With the start of a new year in full swing and the list of resolutions that comes with it, lots of people will be turning to running as a form of exercise to get healthier this year. However, due to the hecticness of the working week, finding time to run can be a challenge and therefore choosing to get your daily dose of movement in the dark is sometimes the only option.

Thankfully, the experts at Runna (a new personalised running coach app, backed by British Olympian Stephanie Davies and ex-Made in Chelsea star, double world-record holder and ultra-athlete Joshua Patterson) have put together a list of their top tips for running safely in the dark, helping to calm the nerves of those heading out for their daily workout.

Plan your route – Planning your route is a super simple and effective way to get the most out of your run while staying nice and safe. If you’re able to set your route to go through neighbourhoods and pedestrianised areas, you can focus on running on busy roads in well-lit street lamp areas and avoid the dark paths and you’ll know exactly where you’re going. You can also plan to meet a friend along the way or end the run at your favourite coffee shop!

Bring your phone – You’d think that running is the perfect time to shut off from your screen, however, your phone offers a wide range of valuable perks while on a run. Among others, you can use your phone’s built in flashlight for increased visibility, you can make use of your live GPS if you take a wrong turn and, of course, you can also use your phone to alert your friends and family if there is anything wrong or amiss and keep them updated on your whereabouts.

Invite a friend – Bringing a friend on your run offers extra motivation and support, as well as safety in numbers. To take it a step further, organise a weekly run with a larger group of friends or even people that you see running the same route as you on a regular basis. If you’re unable to bring a friend due to scheduling difficulties, ask if you can use them as your ‘checkpoint’ to check in with on the course of your run.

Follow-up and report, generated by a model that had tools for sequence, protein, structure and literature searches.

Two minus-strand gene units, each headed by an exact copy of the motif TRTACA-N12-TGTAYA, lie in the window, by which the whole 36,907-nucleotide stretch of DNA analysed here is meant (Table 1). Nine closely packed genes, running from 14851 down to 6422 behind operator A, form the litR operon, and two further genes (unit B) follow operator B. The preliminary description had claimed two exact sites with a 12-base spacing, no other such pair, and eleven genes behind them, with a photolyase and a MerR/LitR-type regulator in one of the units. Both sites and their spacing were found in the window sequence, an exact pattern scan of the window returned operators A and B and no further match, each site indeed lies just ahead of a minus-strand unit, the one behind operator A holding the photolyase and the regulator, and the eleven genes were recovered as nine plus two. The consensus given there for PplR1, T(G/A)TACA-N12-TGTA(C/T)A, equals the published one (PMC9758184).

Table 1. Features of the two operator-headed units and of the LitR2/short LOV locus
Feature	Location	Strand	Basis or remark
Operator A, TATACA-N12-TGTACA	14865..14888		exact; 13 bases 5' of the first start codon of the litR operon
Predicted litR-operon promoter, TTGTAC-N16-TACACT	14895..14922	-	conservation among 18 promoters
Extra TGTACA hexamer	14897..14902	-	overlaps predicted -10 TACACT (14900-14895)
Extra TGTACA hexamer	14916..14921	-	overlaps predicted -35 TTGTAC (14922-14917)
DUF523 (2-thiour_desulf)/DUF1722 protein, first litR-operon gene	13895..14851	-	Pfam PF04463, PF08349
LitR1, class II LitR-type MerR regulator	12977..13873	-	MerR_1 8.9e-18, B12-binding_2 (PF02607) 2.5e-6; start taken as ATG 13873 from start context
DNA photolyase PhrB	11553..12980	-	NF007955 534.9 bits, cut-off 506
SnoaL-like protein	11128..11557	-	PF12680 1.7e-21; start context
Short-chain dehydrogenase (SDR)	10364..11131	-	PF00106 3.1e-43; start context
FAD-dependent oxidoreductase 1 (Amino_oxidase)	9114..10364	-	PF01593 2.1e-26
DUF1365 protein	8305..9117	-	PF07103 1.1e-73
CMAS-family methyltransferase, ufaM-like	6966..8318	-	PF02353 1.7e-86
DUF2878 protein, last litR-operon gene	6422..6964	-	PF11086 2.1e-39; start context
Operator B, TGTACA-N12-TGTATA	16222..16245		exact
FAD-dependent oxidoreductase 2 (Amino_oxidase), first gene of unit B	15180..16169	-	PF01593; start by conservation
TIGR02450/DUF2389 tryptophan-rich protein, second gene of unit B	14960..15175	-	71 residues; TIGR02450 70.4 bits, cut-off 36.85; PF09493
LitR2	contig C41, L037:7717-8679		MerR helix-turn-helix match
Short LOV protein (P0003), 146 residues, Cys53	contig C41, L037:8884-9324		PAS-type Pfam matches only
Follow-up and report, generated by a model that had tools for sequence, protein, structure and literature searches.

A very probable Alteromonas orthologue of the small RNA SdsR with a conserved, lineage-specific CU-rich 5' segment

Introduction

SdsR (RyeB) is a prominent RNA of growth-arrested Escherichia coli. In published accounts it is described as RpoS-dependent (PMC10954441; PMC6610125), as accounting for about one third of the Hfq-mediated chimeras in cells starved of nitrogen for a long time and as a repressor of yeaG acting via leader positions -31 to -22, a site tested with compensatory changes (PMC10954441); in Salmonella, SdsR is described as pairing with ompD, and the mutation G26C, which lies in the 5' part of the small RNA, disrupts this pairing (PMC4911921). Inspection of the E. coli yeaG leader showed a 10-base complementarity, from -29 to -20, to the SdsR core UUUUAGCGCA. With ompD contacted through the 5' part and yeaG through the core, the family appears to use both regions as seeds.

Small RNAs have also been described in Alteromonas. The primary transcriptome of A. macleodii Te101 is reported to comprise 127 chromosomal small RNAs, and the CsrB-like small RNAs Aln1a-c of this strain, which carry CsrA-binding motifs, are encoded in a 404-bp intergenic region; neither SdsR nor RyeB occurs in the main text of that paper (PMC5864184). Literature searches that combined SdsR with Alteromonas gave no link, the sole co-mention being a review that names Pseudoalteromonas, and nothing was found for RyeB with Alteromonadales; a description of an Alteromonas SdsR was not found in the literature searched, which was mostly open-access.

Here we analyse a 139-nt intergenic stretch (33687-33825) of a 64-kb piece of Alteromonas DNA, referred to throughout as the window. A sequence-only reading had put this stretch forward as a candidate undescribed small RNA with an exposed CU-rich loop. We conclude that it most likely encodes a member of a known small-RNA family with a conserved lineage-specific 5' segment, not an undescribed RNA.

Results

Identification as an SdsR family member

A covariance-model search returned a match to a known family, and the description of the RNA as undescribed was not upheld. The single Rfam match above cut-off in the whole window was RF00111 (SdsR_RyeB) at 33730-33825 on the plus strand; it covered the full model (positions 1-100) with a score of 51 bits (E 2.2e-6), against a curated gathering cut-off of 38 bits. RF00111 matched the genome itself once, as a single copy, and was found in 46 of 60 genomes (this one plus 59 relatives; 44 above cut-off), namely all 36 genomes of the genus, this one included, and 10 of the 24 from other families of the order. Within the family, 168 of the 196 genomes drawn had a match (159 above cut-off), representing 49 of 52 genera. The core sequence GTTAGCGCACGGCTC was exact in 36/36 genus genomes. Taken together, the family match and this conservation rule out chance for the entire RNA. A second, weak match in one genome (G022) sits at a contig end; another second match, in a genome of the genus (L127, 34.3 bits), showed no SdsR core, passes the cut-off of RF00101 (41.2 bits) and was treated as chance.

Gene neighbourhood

Avoid loud music – Listening to music, though often great for most forms of exercise, can result in you becoming less aware of your surroundings. Running without headphones is ideal, but for those who desperately need some form of sound, listening to an eBook or podcast on a medium volume level will allow you to listen out for any oncoming cyclists or traffic.

High-visibility jacket – Running safely in the dark is just as much about protecting yourself from others as protecting others from yourself. Wearing a high-visibility jacket or piece of clothing helps make sure that any oncoming cyclists or traffic are fully aware of where you are and which direction you’re running in.

Run against traffic – Running against traffic might seem a little crazy but actually gives you more control over your safety. In the event of needing to take action, you won’t have the appropriate time to react if a vehicle is approaching from behind.

Adequate lighting – Whether it’s planning your route where you know there will be street lamps or buying your own headlight, make sure there’s plenty of visibility where you plan on running. Everyone is only a stealthy pothole or sneaky curb away from a trip to A&E with a sprained ankle, which isn’t anyone’s idea of a fun evening.

Stay hydrated – While running at dawn or dusk is often cooler, don’t trick yourself into thinking you don’t need to drink as much just because it isn’t as hot. Dehydration can lead to a loss of strength and stamina which, needless to say, greatly impacts your ability to run.

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